Rottweiler's hind limbs
Hindlimbs of Rottweiler are under much less pressure of corpus and under much less load than forelimbs. However, the structure of Rottweiler’s hindlimbs is more complicated than that of the forelimbs. Rottweiler’s hindlimbs are connected to external edge of pelvic girdle that is found under the dog’s rump.
Structure of Rottweiler’s hindlimbs is as follows: thighs, lower legs, shanks and paws. Proportion and good development of muscles of just these body parts are highly estimated, because hindlimbs of Rottweiler have a dominant role for motor function. According the breed specification joint deflection angles of flank bone, astragalus, cnemis and anticnemion with metatarsus must be blunt.
Correct set of Rottweiler’s hindlimbs
When viewed from behind Rottweiler’s hindlimbs must be upright and not too loosely spaced. Pelvis is formed by pretty wide bones. Eliminative and reproductive organs are arranged in this body area. There are hollows in the lower part of haunch bones that unite Rottweiler’s pelvis with whirlbones which form hip joint.
Lower edge of astragalus is attached to the heads of calf-bone and skin bone that form Rottweiler’s stifle. Short bones of hind limb, hock, foot are arranged under the stifle. (from top downward). Pelvic declivity angle has direct effect on fluency and eurhythmy in movement of Rottweiler. If the pelvis is arranged at the right angle to the dog’s back, then when Rottweiler drives off the ground surface its pelvis will raise up.
But if the pelvis is inclined, corpus of the dog will bear the pressure directly upon the rump and then upon the backbone and thus the animal will move forward without jerks and sprints. When Rottweiler stands freely, joint grade angles of haunch bone with astragalus, astragalus with lower leg and lower leg with metatarsus are to be blunt given that the hind limbs are developed and formed properly.
During examination of Rottweiler’s hindlimbs the following deformities may be found: too widely spaced paws or on the contrary, too closely set; turned inward hocks attended by toes-out; ectropic hock that leads to talipes and also dome-shaped disposition of Rottweiler’s hindlimbs.
Deformities in set of Rottweiler’s hind limbs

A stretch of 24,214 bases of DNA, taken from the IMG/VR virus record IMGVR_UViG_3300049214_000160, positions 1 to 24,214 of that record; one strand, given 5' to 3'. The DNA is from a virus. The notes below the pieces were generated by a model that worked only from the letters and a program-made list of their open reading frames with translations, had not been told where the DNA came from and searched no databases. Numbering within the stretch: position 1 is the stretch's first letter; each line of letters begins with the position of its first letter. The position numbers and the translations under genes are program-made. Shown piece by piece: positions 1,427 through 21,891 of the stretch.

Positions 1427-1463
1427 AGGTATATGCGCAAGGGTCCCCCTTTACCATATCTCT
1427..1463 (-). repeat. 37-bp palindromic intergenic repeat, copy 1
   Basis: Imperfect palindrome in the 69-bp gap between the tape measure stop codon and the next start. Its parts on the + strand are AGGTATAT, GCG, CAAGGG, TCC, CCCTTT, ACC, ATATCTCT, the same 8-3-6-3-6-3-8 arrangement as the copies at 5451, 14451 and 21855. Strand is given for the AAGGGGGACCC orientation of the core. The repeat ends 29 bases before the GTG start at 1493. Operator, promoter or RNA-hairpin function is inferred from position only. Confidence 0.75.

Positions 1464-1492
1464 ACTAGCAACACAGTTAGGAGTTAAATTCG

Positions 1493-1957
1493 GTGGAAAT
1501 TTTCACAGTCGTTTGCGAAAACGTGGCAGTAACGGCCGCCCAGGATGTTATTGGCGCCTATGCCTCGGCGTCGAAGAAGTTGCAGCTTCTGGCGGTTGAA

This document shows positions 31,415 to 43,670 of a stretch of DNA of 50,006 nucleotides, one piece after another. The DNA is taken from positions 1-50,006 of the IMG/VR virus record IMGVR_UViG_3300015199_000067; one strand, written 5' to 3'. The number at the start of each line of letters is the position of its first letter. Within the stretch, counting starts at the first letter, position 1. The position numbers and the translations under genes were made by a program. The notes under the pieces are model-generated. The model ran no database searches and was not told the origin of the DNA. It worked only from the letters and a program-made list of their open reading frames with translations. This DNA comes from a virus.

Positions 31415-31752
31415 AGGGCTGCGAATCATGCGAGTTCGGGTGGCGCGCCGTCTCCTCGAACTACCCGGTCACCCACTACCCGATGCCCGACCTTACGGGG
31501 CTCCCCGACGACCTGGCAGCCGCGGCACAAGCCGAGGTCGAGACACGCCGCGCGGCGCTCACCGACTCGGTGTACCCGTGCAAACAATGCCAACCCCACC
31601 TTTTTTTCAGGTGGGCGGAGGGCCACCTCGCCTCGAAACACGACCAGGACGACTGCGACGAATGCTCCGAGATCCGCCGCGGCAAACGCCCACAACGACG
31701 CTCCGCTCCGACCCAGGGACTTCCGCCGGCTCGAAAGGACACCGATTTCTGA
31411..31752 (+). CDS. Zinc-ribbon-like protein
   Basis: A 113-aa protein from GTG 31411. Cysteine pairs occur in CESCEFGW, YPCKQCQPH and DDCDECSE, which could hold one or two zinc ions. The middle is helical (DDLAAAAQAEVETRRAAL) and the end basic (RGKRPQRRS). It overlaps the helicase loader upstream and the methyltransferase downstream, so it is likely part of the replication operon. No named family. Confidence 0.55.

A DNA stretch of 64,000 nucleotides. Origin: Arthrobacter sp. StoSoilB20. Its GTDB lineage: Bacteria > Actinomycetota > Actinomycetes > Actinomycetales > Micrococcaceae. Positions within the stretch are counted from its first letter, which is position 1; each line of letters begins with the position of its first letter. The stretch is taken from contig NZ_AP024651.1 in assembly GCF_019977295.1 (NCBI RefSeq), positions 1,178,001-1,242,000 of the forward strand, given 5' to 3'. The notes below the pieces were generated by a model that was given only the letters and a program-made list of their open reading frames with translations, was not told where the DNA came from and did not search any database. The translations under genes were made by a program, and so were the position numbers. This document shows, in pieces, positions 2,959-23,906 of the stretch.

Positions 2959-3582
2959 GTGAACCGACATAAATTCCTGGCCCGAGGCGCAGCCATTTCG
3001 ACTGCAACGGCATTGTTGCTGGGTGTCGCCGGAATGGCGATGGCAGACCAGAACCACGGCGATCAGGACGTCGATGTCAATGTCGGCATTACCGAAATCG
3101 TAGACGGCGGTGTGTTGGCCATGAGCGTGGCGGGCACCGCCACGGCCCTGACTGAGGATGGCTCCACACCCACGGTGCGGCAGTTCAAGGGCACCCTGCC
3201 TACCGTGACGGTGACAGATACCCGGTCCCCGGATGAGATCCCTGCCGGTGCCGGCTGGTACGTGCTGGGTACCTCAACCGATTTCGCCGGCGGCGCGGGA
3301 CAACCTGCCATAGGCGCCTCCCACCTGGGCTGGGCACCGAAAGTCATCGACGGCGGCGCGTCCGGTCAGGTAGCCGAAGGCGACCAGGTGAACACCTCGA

During examination of Rottweiler the following abnormalities can be found: flatness of stifle, shortcut bones of metatarsus and the sickleness that is characterized by too acute tilt angle of Rottweiler’s stifle. When sickleness of stifle is observed in Rottweiler, the dog moves less freely and it is much harder for it to drive off the ground during movement.
The structure of hind limbs is of great importance for development of Rottweiler’s motor power. Very strong and power hind legs witness that the animal is capable to straighten the limbs in the hips to the maximum. Regularity of hind limb articulation provides development of considerable motor power in Rottweiler, but rectified almost flat joints, on the contrary, break the ability of the dog to move arduously, because repelling force is directed not up but forward.
During examination of Rottweiler, attention is paid to muscular development of cnemis and thigh. These muscles adjoin femoral, skin bone and calf-bone, and it is very important that the bones are to be articulated at the correct deflection angle.
When Rottweiler moves forward especially at a brisk pace, the musculature of its paws is under grave load and tension, therefore Rottweilers need to have well-shaped, strong muscles, that are also well defined when viewed sideways and from behind. So, the dog’s thighs must be wide and too long with well-developed muscles.
Ideally, lower legs are too long and have clear-cut, hard muscles. The hocks of Rottweiler must have a certain slant and be well defined. The paws of the hind limbs are a little longer than the paws of fore limbs, the dactyls are arched, well-pressed to each other. Absence of dewclaws plays an important role.
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